There is a reason why All-Wheel Drive and 4-Wheel Drive don’t share the same name.
With the numerous drivetrains out there, it is no surprise that even the best of car guys throw the terms AWD (All-Wheel Drive) and 4WD (Four-Wheel Drive/ 4×4) haphazardly around without knowing the difference between the two. I get it; I used to be guilty of this as well. If a car has 4 wheels in total, then doesn’t that mean that AWD is 4WD? Well, not exactly.
They do have similar results though, which is to provide the best traction to the vehicle in tough conditions. But how those results are achieved is what separates the two.
Before we can go any further in explaining how AWD works, we have to understand a bit about the Ackerman Principle. During a turn, all 4 wheels spin at a different rate because of different angular velocities. Between the outer and inner tires, the outer tires spin the quickest and between the front and rear tires, the front moves the quickest. To maximize grip on all 4 tires, they all have to be allowed to spin at different rates. Otherwise, understeering and buckling will occur.
4WD – Four-Wheel Drive
Four-Wheel Drive (4WD) is the oldest between the two systems and is more commonly found on SUVs and trucks.As the name implies, 4WD is a drivetrain that sends power to all 4 wheels to provide maximum traction. 4WD is generally activated by the driver either via buttons or a separate transfer gear lever with notches or gates for 2WD High Range (2H), 4WD High Range (4H) and 4WD Low Range (4L).
2H is the default setting for paved roads because it keeps the front wheels free while driving power to the rear. This setting will usually be the default of the transfer case because it maximizes maneuverability and fuel efficiency for city driving in ideal conditions and doesn’t wear out your front tires as quickly.
4H is best when you are running in relatively high speed yet traction is needed to handle slippery conditions. So whether you’re on soft, wet, muddy, or icy roads (not in the Philippines, of course), this is the best setting to use. Sometimes it can be used for highway driving in the rain, but it is best to check the owner’s manual to see if the vehicle can run at around 100 km/h with 4H.
4L is the setting for when things get really tough. 4L prioritizes low speed, high torque off-roading; meaning you’re probably on a trail with boulders, rocks, heavy mud, steep inclines, and river crossings. Any vehicle with 4L engaged can only be driven at a crawl. Some even use limited slip differentials to give the driver maximum traction and control.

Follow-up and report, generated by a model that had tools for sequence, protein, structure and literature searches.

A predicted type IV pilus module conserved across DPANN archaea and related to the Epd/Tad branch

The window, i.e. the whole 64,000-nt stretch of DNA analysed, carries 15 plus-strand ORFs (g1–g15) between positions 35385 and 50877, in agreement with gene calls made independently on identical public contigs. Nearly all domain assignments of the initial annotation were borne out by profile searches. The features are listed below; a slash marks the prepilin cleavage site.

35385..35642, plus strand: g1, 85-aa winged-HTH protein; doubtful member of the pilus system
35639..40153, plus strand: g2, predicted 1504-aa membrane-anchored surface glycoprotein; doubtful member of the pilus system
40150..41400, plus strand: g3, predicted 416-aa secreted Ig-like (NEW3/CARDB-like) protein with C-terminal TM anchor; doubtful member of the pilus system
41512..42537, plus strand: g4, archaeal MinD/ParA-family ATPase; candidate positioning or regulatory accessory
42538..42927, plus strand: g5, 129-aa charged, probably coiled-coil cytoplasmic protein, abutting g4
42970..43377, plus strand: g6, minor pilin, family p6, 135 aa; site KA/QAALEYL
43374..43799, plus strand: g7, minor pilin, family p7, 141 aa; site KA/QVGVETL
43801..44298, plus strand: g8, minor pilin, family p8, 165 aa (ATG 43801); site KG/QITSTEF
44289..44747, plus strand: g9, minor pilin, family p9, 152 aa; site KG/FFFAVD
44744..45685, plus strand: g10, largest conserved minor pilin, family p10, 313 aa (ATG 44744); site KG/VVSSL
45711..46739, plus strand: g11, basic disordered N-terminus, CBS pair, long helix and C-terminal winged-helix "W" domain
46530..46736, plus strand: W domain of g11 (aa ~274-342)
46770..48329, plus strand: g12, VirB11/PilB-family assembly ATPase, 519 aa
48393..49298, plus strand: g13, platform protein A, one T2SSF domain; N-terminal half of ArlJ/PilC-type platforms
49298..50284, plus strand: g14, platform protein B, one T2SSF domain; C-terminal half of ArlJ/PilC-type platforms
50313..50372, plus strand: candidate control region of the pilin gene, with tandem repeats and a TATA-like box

4WD depends a lot on driver discretion and experience, and is also designed and engineered to handle tougher tasks and rougher terrain; such is why 4WD is more common in body-on-frame SUVs (i.e. PPVs). While AWD is similar, it’s a completely different species once you start looking its capabilities and purpose.
AWD – All-Wheel Drive
All-Wheel Drive is a fairly recent technology usually found in cars ranging from city trotters to high performance vehicles because of its application, which has more to do with grip than with off-road capability. Versus RWD (Rear-Wheel Drive) and FWD (Front-Wheel Drive), AWD theoretically has better grip because power is properly sent to all wheels properly and efficiently based on the Ackerman Principle.
Generally-speaking, AWD vehicles are either biased towards FWD or RWD, with automated electronic systems and transfer mechanisms that sends power to all four wheels when it senses a loss of traction. The AWD system can also be either manually engaged (usually via a lock button) or not at all, making it permanent all-wheel drive.
What sets AWD systems apart are the use of complex systems to allow wheels to be driven on an as needed basis through the use of electronically-activated clutches and differentials, otherwise known as torque vectoring. This allows it to be used for high performance applications since the AWD system computes the best way to deliver power whether it is on a straight or taking a tight turn.
To an extent AWD is like 4WD, but allows all wheels (that is why it is called AWD) to move at independent rates for maximum grip and effect. Lately manufacturers have been taking the technologies used in AWD and applying them to more classic 4WD applications, creating a veritable hybrid 4WD drivetrain that combines the best of both.
Knowing all this, a better understanding on the different systems not only allows us to make a more informative choice when buying a vehicle with any of these systems, it also helps us maximize them for a better driving experience. At the very least, now you have a good topic to talk about with your fellow gearheads.